If you're expecting a baby, it's completely normal to feel anxious and have questions about the onset of labor. You might have thoughts racing through your head like:
How do I know if I'm really in labor? What if it’s just Braxton Hicks contractions? What if my water breaks but nothing happens? What if it's a false alarm?
Now imagine you've hired a birth photographer and on top of the normal anxiety that often surrounds childbirth, add in needing to communicate with a birth worker so they show up on time. Now you might also be thinking:
When should I call? What if my past labors took 24 hours? How do I know if it's important enough to call right now, in the middle of the night? I'll feel so bad if they send us home from the hospital...Maybe I should wait.
Knowing when to contact your birth photographer is extremely important. Lots of communication prior to labor starting and updates during labor will ease your anxiety and ensure your photographer doesn't miss the birth.
Meet with Your Birth Photographer beforehand to Discuss Labor History & Preferences
A good birth photographer will include a consultation as part of the onboarding process for birth photography. During this consultation you and your photographer should discuss your past labor history. You'll want to talk about how long you were in labor, what type of delivery occurred, and if there were any special circumstances. Understanding your history will help your photographer know when to arrive at the birth.
Birth history matters big time. Your birth photographer will treat the situation differently if your first labor lasted 36 hours and your second lasted 24 hours than if your first baby arrived 30 minutes after your water spontaneously broke. Subsequent labors tend to go faster. For example, for my first baby I arrived at the hospital at 9 p.m. and he was born at 2 a.m. My second labor was three hours start to finish. So while every birth is different, understanding what happened during previous labors will help your photographer at least know sort of what to expect.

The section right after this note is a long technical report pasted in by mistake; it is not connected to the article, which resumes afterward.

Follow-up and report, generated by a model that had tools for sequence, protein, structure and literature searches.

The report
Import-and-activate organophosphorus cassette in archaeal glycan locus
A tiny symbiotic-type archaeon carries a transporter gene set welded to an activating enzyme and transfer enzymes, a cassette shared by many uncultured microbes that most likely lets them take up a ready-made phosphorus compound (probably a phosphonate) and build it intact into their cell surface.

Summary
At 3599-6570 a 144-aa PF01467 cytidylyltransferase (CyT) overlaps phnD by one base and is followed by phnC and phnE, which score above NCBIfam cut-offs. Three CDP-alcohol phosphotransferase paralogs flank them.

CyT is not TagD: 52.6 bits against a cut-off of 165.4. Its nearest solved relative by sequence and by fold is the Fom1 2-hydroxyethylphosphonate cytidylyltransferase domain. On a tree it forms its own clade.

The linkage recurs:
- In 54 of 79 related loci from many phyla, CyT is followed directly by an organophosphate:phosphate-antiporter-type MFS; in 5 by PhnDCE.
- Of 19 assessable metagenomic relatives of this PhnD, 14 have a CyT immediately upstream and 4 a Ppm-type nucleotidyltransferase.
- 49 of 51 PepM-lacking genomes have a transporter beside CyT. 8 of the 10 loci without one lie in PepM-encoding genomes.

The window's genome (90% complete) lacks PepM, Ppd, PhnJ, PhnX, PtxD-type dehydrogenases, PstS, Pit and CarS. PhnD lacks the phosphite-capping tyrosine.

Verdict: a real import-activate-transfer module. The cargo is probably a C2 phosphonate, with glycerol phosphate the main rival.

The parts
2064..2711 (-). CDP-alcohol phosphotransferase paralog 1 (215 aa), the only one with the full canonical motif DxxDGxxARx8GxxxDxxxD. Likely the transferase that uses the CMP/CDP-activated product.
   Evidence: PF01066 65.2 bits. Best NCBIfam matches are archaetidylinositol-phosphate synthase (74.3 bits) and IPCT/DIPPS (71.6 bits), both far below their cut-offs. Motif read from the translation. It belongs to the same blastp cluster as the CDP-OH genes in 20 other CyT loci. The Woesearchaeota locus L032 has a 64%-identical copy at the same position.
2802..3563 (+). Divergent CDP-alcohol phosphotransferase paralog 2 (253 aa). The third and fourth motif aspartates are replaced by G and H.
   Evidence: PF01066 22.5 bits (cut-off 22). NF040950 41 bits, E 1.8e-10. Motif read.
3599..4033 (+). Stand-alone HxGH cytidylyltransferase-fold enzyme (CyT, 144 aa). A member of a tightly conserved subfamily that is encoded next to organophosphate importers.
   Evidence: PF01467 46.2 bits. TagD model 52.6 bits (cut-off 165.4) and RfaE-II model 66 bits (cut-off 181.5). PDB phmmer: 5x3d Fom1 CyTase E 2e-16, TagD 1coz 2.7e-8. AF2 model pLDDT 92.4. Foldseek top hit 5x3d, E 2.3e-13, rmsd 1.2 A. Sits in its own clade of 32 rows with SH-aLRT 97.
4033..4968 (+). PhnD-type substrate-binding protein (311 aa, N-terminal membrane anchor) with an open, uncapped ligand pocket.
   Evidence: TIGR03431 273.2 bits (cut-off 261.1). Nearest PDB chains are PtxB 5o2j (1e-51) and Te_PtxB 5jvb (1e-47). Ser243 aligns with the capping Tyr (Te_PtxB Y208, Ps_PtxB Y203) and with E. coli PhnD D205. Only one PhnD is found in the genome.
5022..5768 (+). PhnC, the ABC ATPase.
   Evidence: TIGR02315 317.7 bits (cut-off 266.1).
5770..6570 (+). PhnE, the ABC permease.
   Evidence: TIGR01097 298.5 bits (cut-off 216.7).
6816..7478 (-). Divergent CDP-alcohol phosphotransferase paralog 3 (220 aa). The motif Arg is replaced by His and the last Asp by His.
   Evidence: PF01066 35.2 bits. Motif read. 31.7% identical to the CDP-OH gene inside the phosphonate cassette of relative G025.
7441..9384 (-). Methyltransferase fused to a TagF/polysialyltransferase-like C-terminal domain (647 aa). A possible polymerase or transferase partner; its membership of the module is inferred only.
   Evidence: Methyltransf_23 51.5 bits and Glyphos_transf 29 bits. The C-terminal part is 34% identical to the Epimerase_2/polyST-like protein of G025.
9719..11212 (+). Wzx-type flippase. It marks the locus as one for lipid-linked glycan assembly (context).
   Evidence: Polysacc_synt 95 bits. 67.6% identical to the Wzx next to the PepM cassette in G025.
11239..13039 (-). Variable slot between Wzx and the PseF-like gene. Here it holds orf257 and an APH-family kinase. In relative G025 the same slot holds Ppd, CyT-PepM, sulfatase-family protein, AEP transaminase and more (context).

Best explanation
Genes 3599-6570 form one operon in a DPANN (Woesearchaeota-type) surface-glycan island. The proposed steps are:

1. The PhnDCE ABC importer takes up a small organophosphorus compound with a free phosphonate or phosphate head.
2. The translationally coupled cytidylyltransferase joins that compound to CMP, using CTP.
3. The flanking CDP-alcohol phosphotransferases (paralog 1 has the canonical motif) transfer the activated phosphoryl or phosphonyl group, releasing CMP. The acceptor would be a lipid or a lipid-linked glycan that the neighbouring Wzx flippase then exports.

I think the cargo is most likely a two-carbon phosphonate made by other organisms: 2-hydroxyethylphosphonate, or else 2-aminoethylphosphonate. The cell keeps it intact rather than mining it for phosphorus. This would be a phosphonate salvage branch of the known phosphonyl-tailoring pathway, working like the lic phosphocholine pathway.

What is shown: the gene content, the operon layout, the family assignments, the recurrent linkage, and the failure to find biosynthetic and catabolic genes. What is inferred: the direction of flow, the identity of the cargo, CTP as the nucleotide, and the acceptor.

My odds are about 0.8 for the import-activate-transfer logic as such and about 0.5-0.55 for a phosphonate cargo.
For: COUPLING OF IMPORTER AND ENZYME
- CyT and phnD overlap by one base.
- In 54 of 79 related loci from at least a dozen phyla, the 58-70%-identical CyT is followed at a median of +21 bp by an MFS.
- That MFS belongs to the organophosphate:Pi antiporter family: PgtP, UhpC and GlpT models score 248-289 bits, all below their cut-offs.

There's No Such thing as Inconveniencing Your Birth Photographer
It's only natural to feel like you're bothering someone when you call or text between the hours of 9 p.m. and 7 a.m. Especially as a Minnesotan, you're all about not inconveniencing someone!
The average midwesterner will avoid inconveniencing someone at all costs.
Your birth photographer will not be inconvenienced or bothered by a midnight phone call, even it's a false alarm. This is part of her job. She expects to be contacted in the middle of the night. And she does NOT want to miss your birth. If you contact her with an update she will thank you, not be annoyed by you.
Update Your Birth Photographer as Soon as You think You MIGHT Be in Labor
The goal is for your birth photographer to arrive while you're still in labor, not after the baby is born. In order to ensure your photographer arrives in time, early and frequent updates are a must. If you think labor might be starting, call or text your photographer! You will not bother her.
Early and frequent communication helps her be able to continue to live her life normally. For example, your photographer could be thinking of heading out to dinner that night and might want to rethink her plans. An early update helps your photographer. She can proceed with any plans with caution. Maybe she brings all her gear with her somewhere and can leave right away if she needs to instead of heading home first. She can adjust her plans so she can arrive at your birth faster and with less stress.